Whether we want to admit it or not, many of us long for simplicity, which means, by extension, we long for rules. Clear rules make life and the tasks we’re given easier, simpler. If we learn the rules and allow them to be written deep within our hearts, we can relieve ourselves of the burden of having to think about everything we do and avoid any troubles along the way.
But it’s never that easy. Perfect obedience doesn’t necessarily ensure our success or safety or security. For example, obeying the rules of the road is important, but doesn’t guarantee another driver won’t disobey them or simply fall asleep at the wheel, making your own adherence to the rules irrelevant. Then there are those unenviable positions in which two deeply rooted rules seem at odds with each other. For instance, imagine the classic ethical dilemma of whether to tell the truth or protect life in the event a Nazi came to the door of your house in which you were hiding a Jew and asked whether you were hiding a Jew in your home. The bottom line is it’s never as easy as we’d like it to be.
This is not to say rules are unimportant; they absolutely have an important role to play in our lives. It is important, however, to recognize their limitations. It’s practically impossible to craft a set of rules to address every situation that could ever arise. After all, it’s simply not possible to envision every possible scenario that could play out in the future. Thus there is a reason constitutions are able to be amended, rulebooks subject to regular revisions, and codes of conduct are routinely reviewed. It is equally important, therefore, that we train others not simply to follow rules but to think responsibly, ethically, and critically so that they can make wise decisions when faced with choices or situations we could not have predicted. To do so is, in a sense, to heed the old saying, “Give someone a fish and you feed them for a day; teach someone to fish and you feed them for life.”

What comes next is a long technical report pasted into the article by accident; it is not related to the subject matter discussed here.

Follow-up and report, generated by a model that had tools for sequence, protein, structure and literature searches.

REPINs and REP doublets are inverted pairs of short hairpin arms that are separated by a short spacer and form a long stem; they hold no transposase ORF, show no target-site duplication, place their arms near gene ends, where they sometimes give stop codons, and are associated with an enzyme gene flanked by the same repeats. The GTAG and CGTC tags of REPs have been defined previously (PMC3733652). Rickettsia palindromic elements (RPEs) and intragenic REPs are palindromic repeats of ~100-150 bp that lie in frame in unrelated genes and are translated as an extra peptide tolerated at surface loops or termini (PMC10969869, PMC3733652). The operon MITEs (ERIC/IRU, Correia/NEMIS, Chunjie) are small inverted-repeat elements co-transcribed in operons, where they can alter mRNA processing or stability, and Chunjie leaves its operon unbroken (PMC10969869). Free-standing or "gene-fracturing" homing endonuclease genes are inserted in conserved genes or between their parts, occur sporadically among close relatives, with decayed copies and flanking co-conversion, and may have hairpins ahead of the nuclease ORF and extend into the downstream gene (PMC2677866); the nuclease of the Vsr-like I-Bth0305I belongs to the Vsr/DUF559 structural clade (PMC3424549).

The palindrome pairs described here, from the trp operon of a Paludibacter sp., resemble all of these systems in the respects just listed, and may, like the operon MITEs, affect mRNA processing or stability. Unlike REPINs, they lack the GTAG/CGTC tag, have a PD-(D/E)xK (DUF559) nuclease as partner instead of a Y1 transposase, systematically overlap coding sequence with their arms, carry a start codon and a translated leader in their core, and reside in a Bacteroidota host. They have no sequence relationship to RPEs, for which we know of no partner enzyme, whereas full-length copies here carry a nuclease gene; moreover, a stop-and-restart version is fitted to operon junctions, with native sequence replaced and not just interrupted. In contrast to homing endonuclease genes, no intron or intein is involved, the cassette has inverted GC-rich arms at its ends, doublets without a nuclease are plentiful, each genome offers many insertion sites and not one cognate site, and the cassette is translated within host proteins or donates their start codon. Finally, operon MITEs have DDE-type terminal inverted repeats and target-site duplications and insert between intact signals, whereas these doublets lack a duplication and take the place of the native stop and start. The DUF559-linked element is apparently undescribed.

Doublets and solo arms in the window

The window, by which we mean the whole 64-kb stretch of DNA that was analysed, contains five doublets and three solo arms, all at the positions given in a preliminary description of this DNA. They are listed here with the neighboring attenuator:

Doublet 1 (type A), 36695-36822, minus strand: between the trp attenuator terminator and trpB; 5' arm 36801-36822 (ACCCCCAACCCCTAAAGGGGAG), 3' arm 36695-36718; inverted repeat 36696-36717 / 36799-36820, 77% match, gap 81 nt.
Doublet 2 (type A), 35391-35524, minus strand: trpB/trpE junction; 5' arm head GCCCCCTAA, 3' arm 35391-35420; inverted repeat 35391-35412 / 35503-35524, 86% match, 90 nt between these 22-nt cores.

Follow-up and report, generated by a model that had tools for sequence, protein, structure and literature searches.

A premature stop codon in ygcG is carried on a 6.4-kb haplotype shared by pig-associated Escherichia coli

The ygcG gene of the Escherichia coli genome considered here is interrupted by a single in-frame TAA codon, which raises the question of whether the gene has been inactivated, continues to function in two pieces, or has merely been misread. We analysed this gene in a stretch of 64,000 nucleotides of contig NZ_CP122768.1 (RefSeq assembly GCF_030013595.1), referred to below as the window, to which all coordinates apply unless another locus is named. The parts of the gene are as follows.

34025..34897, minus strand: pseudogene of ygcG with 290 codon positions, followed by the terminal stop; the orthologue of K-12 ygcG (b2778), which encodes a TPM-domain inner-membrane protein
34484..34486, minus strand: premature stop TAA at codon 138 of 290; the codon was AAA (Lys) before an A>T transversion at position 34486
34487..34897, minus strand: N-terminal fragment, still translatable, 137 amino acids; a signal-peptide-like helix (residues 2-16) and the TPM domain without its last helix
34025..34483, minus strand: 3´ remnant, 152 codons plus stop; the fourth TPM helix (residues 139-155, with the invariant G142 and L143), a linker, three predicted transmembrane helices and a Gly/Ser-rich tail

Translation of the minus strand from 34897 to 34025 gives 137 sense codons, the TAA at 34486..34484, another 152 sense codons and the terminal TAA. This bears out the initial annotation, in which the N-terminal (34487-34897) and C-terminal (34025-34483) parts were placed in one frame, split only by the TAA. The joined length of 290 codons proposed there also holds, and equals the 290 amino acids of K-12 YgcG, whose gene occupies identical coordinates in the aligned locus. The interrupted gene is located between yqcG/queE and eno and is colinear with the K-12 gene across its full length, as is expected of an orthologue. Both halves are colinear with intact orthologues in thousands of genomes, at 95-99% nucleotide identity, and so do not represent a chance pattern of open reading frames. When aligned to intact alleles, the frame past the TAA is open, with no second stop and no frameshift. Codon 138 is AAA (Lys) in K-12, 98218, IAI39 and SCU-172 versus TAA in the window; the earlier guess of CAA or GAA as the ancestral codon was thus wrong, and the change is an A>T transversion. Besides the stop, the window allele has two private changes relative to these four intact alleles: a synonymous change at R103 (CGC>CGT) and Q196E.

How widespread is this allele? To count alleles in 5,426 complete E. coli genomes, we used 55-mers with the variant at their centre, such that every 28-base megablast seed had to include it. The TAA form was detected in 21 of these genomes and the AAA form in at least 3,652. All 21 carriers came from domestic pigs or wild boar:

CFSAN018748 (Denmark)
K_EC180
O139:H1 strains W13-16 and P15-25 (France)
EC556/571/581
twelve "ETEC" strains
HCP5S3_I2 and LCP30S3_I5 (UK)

This is, I think, what Paul, like Jesus before him and the prophets before Jesus, tried to do for the young Christians he encouraged. As one of my favorite writers, N.T. Wright, has written, “[Paul’s] version of the saying seems to be: Give people a command for a particular situation, and you help them to live appropriately for a day; teach them to think Christianly about behavior, and they will be able to navigate by themselves into areas where you hadn’t given any specific instructions.” I wonder what might result if the church today adopted Paul’s philosophy as its own philosophy for spiritual formation or education. I think we might be amazed!